Jacob: Awesome. It’s getting to be the end of the school year, so for a lot of student’s they’re starting to think about the fall already, which is really hard for me to believe. But this is a pretty common question that we get from counselors because we put a lot of push on FAFSA completion, but there’s some steps sometimes after the FAFSA in terms of getting their financial aid. Some counselors and educators and mentors will ask, “My student has completed a FAFSA. Now how do they actually receive their financial aid?” So there are a few steps that your students may or may not have already taken that they’ll need to take in order to be ready to enroll in the fall and receive that financial aid that they’ve already applied for. First of all, students must be admitted to a college that is eligible to distribute Title IV funds and they have to list that college on their FAFSA. So, after they’ve done that, they have to fill out and return the college’s financial aid award letter. This is the document in which the student lets the college know what aid they want to accept and what aid they want to decline. So, for example, if the student is offered federal student loans, and they don’t want to take the full loan amount, they would indicate that in the document. If they decide that they do want to take federal student loans and this is their first semester in college, they will have some additional steps, as well. Usually they’ll have to sign what’s called a Master Promissory Note in which they say, “Yes, I know I’m taking out loans and I will have to pay these loans back.” They’ll also have to do entrance counseling through Federal Student Aid, which will outline borrowing responsibly, and also kind of the terms and conditions of the federal student loans that they are taking out. The third step is kind of an obvious one, but it’s also very important – the student must enroll in classes in order to be able to receive their federal financial aid. Finally, what will happen is that the financial aid is deposited directly into the student’s account at school. After their cost of attendance is covered – so things like tuition – any money that is left over will be refunded directly to the student. So it’s usually that simple unless the student has been selected for verification, which we have talked about in other tips. And if your student has questions or concerns about their award, or they’re wondering what they should do, it’s best to call the financial aid office as early as possible so that they can have that money ready for them in the fall because they’re processing a lot of financial aid and so the earlier the student reaches out, the more likely they are to be ready for the fall in terms of that. And with that, I am going to have our monthly counselor spotlight in which we announce our FAFSA Cup winners and our runner up. We are super excited this year. We had some excellent applications and our actual winner for this year is Ben Lomond High School. They are the winner of the FAFSA Cup. And they did a really fabulous job on their application. I just want to point out a few things that they did that made it actually a very stellar application. The first thing that I want to point out is that Ben Lomond was very reflective of their past success and some things that they maybe could do better with. So they decided that they were really going to have a comprehensive strategy that would have six different evening events – kind of these large-scale school-wide events – and one Saturday event in order to accommodate as many students as possible. They also noticed that they really had a difficult time getting Spanish-speaking families out to these events, so they hosted two events that were geared specifically toward Spanish-speakers. So they kind of recognized a problem that they had and then they had a solution that they came up with in order to kind of address that problem, which I thought was really awesome. They also had goals for FAFSA completion, so they had a goal in mind. And they offered individual assistance as needed. Another thing that they do that I think is really awesome is that they announce the number of FAFSA completions and the number of pending FAFSA applications during morning announcements and in assemblies. Kind of providing that recognition for students so they have the FAFSA on their mind throughout the year. They also put up a FAFSA tree in their window showcasing the names of FAFSA completers, which I think is really great to kind of incentivize students to see, “Oh look, I’m being recognized for completing my FAFSA.” They also talk about some of the strategies they use to engage undocumented students because I know that, for some counselors and educators, when we talk about FAFSA completion, undocumented students or students who are not eligible for federal financial aid are kind of left out of the picture, but they talked about how kind of these discussions around the cost of college, they were able to circle back with undocumented students and talk about some of the options for them, as well. And we really appreciate all that they do and we loved hearing the stories of some of their successes that they had over this past year, so that was really awesome. Our runner-up for this year is Pine View High School in St. George. They also had some really fabulous things that they did. Some things that I wanted to mention – their Utah College Advising Corps staff advisor on staff is also their financial literacy teacher, which is a really interesting kind of thing that I haven’t heard of before. But she had her students use an online tool called Payback, which it’s actually a really fun game. Katie and I were playing around with it this morning.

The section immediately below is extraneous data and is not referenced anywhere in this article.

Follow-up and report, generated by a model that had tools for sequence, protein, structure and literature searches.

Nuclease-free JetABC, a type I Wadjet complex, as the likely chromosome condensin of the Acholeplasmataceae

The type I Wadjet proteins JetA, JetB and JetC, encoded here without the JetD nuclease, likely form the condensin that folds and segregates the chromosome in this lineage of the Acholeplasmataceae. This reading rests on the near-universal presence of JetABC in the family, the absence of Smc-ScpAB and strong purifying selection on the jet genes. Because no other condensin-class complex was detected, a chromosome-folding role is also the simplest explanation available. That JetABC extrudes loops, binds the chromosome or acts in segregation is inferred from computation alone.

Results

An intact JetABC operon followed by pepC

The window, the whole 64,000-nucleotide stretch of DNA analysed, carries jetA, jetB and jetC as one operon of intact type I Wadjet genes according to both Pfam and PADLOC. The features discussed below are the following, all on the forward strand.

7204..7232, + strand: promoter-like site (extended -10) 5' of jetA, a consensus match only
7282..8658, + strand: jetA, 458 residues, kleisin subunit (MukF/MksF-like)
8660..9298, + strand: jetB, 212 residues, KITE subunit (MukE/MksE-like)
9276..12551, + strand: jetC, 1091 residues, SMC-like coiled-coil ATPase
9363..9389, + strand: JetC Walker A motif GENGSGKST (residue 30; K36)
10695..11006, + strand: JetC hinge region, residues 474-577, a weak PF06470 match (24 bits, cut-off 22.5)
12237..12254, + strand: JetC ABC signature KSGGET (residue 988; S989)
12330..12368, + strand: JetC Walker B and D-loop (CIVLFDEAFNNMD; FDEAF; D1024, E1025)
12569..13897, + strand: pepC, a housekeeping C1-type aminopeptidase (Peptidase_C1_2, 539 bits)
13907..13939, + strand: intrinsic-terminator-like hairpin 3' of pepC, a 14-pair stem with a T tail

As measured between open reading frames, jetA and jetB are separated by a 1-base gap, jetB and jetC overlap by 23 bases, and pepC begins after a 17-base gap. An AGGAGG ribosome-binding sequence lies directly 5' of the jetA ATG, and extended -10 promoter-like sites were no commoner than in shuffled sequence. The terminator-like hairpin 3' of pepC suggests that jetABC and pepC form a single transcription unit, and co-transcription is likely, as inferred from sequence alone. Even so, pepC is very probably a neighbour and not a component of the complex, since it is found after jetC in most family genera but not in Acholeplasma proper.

Katie: Oh, yea! I’m addicted to it already. It’s really – that website is beautiful.